Up with People, a Multi-Country Gap Year Program

Up with People

About

In a world filled with constant change, we are often divided by fear and intolerance. Up with People is breaking down these fears by using our unique blend of volunteering, the performing arts, and travel to empower people across the globe to think differently about their world, and understand the things that unite us as people and societies – our common humanity.

With a rich legacy that spans more than 50 years, Up with People has been reaching communities and people across the globe through our music, our message and our service since 1965. Our commitment runs deep and our aspirations are bold.

Through music and action, Up with People empowers young adults to become leaders and positive agents of change for a more hopeful, trusting and peaceful world.

To learn more about our gap semester (5 months) and full gap year programs, visit our site or our Program Page!

Founded
1965
Headquarters

6800 Broadway, Suite 106
Denver, CO 80221-2851
United States

Reviews

Default avatar
Mark
10/10
Yes, I recommend this program

Traveling in Up With People was an amazing experience. We didn't just visit other countries, we lived with families every place we went. I had never sung or danced before Up With People, but I was surprised by how much I loved performing and being a part of our show. We also had some very memorable community engagement opportunities, from visiting refugee camps in Scandinavia to flood clean-up in the US to helping a poor neighborhood in Mexico to renovate their homes. Traveling with the other people in the cast was the best part, in my opinion. Spending every day with people from more than 20 different nations who have all come together to learn and make the world better... it changed my perspective forever, and I am still in touch with friends around the world 25 years later. My experiences in Up With People led me to amazing international career opportunities and to lifelong friendships.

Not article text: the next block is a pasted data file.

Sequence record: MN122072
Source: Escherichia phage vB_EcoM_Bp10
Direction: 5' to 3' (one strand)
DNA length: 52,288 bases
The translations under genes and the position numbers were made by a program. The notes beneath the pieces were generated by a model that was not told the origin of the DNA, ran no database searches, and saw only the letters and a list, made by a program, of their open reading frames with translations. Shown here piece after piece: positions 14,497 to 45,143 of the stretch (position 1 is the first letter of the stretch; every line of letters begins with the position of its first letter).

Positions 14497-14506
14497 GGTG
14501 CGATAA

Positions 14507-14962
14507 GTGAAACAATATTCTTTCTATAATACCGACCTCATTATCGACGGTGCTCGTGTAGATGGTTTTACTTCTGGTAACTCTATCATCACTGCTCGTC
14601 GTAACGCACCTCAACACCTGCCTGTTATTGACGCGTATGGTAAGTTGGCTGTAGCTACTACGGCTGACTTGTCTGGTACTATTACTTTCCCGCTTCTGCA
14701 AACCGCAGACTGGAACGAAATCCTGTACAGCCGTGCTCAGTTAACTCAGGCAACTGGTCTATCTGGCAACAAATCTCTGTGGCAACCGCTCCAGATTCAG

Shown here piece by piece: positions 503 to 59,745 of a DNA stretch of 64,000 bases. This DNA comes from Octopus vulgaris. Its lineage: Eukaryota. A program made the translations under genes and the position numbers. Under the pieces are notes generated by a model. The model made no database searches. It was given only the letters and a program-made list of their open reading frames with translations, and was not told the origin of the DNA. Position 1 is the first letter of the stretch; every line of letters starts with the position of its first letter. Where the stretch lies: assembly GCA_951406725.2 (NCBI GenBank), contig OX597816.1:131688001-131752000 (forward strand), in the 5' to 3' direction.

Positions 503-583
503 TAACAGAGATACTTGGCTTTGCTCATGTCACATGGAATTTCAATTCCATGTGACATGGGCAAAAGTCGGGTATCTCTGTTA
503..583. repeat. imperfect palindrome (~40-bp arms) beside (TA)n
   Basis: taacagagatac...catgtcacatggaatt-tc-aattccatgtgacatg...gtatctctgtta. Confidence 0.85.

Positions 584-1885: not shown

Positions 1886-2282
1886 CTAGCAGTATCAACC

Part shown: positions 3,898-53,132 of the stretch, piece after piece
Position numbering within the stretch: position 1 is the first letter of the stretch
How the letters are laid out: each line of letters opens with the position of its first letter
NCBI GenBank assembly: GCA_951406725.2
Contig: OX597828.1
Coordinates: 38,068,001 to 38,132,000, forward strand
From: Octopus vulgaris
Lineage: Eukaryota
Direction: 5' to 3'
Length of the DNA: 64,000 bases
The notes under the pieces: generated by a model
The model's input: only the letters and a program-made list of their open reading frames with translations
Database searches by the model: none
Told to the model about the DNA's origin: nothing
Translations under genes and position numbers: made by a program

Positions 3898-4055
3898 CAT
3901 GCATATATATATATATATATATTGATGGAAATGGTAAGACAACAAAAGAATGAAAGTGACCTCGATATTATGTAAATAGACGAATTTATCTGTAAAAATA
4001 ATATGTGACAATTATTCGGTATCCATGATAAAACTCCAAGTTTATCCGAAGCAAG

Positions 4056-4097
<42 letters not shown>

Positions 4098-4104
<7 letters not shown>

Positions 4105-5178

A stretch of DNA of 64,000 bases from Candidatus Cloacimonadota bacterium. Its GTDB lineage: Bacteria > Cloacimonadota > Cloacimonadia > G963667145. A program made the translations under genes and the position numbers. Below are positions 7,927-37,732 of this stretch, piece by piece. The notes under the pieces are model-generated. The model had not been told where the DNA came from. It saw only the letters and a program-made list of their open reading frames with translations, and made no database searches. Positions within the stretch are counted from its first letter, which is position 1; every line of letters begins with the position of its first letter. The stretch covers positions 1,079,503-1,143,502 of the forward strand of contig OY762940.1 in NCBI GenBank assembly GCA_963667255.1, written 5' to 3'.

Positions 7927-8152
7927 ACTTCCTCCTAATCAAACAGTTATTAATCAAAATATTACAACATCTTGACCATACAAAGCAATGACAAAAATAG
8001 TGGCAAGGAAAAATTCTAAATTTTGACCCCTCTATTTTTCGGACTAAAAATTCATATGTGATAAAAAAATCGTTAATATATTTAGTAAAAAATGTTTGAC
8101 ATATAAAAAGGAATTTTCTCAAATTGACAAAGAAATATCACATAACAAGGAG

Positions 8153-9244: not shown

What was the most surprising thing you saw or did?
Performing for the Pope in packed Mile-High Stadium
Default avatar
Likun
10/10
Yes, I recommend this program

I traveled with Up with People 5 years ago. I was a backpacker before but it was so hard for me to get US and Schengen visa to travel when i was a students back then. I heard Up with People from a friend that his friend traveled in this program. For me at that moment, it was a great opportunity for me to see the world outside of Asia and i never regret for a minute with this decision. Stay with host family, travel to a new city every week and volunteer work have give me so many opportunity to do new stuff, meet new friends and there are so many "aha" moment on the tour that just broad my horizon.I don't know there is a show though, and i never sing or dance before in my life, but it turn out to be a high and super memorable experience when i look back my Up with People experience.

What was the most surprising thing you saw or did?
I ate cherry jelly for the first time with my host family in Denver. But i invited them to try to black jelly (Tortoise Jelly) from China later and they all get scared.
Default avatar
Alys
10/10
Yes, I recommend this program

When I came to this programme I had no idea what to expect. I just packed up my bags and showed up in Denver. After going through some ups and downs learning the songs, the dances, the names, the people, the travels, the courses, and of course the program, I found such a weird family of loveable goofballs I never wanted to leave. We would sing in public together, go on crazy city exploring adventures, laugh about how we were broke and then adventure some more. I learned so much about so many different cultures and people and cities and just about the world around me. But something I never imagined was that I’d feel like a sister to someone from Switzerland, or have a best friend in Texas, or meet other people from Bermuda. Now not only do I have so many new skills to put on a resume and college application, but I have a home in at least 25 different countries around the world.